My previous post was devoted to the first six of my 12 HR tech-buying guidelines. In this post I share the remaining six … but not before I take a moment to marvel at the juggernaut the HR tech marketplace has become.
First of all, it’s ginormous: Bersin by Deloitte has estimated the HR technology marketplace to be $400 billion. The worldwide investment in developing new HR tech exceeded $1 billion in the first half of 2018 and could exceed $2 billion in 2019.
Our marketplace is also highly complex: Applicant tracking systems alone number in the hundreds, to say nothing of the burgeoning artificially intelligent HR and recruiting technology providers, talent suites, point solutions and other platforms. Machine learning, natural language processing, artificial intelligence — all of these will affect the processing speed, accuracy and decision making in HR far more than we’ve ever imagined. From the buyer’s perspective, the growing array of HRMS, recruiting, performance management, payroll, people analytics and other offerings is nothing short of mind-boggling.
Given the sheer number and complexity of our options, it’s no wonder buying HR technology can seem like a daunting experience. But I’m determined to make your experience as rewarding as possible! Which brings me to the rest of those buying guidelines I promised.
Get finance involved in your purchasing decisions.
Yes, it sounds obvious, but you’d be surprised how many times finance is overlooked or brought into the purchasing process as an afterthought. Finance eventually has to sign the technology contract and make the payments, no matter who your executive champion is, so it’s better to make an ally of the function as early in the buying process as possible.
You may want marketing involved too.
This helps to ensure that whatever you’re doing from an employment branding standpoint is aligned with your corporate marketing standards. Presenting a single seamless image in the marketplace is essential. Plus, marketing can be a tremendous asset when it comes to purchasing and deploying recruitment marketing solutions today.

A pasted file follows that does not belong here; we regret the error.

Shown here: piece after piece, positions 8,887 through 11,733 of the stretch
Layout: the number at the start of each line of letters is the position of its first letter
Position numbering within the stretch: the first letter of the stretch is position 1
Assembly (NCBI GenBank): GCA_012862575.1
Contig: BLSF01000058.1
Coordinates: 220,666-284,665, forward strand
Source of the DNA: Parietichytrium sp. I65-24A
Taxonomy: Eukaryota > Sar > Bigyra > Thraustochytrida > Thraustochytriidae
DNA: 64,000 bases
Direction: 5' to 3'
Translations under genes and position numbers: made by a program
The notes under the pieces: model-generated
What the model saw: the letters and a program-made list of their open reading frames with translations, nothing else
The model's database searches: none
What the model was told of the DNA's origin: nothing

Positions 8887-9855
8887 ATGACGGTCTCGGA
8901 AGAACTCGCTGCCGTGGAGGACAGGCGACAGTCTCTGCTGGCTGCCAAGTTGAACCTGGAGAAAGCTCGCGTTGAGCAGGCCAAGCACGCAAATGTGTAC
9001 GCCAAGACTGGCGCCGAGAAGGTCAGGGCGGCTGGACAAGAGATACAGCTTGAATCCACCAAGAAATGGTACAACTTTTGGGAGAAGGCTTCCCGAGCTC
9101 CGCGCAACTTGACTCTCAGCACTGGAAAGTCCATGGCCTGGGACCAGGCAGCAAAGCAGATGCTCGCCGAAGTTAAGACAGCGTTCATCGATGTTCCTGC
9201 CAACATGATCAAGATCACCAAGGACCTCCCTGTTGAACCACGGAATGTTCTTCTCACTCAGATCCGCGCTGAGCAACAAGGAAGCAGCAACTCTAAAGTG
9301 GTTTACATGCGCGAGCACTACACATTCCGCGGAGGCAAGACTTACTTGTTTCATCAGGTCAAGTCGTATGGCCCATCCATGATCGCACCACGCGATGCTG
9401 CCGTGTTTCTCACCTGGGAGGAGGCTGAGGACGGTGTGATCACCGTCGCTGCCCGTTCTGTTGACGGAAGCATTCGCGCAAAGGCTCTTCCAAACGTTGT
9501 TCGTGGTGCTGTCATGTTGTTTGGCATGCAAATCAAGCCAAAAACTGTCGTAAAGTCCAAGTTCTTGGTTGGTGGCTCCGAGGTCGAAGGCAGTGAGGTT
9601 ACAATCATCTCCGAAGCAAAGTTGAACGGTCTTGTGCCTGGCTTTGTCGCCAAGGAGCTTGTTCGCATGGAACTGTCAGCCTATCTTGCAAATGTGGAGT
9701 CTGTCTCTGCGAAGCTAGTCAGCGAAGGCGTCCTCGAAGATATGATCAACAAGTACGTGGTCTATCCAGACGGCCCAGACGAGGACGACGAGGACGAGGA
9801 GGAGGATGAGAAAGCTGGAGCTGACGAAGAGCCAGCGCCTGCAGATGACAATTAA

Get everybody on the same page.
Regardless of who’s involved, it’s critical to get agreement and buy-in from everybody. There are a lot of HR solutions out there with amazing capabilities, features and functionality, but they’ve been stitched together in an endless number of ways. As a result, HR often fails to get a ubiquitous view of its data, which makes it very difficult to know if the right recruiting decisions are being made. This is exacerbated by teams not talking or working together. Don’t make these avoidable mistakes!
When reviewing and vetting HR and recruiting technologies, the free software demo account or sandbox environment isn’t always best for decision making.
One reason is that you and/or your team may not have ample time to play with the software, much less to understand the use cases and ultimate value for your talent acquisition efforts. In fact, you probably won’t have time to play in the sandbox. Instead, once you’ve decided on your short list of solution providers, you’ll want to ask for multiple software demonstrations — starting at a fairly high level and then drilling down to the details based on the metrics you want to improve.
If you have the time, always ask for guided demonstrations where you can still get your hands on the product. Give vendors a set of examples of what you’re trying to solve for and have them guide you through the process of how their tech will enable and empower your team. Have them configure their solutions based on the workflows you aspire to, what you want your recruiters doing daily, and your other top objectives. Vendors might be able to create a workshop setting for hands-on demonstrations with your entire team, walking you through several use cases, showing you what your team can accomplish.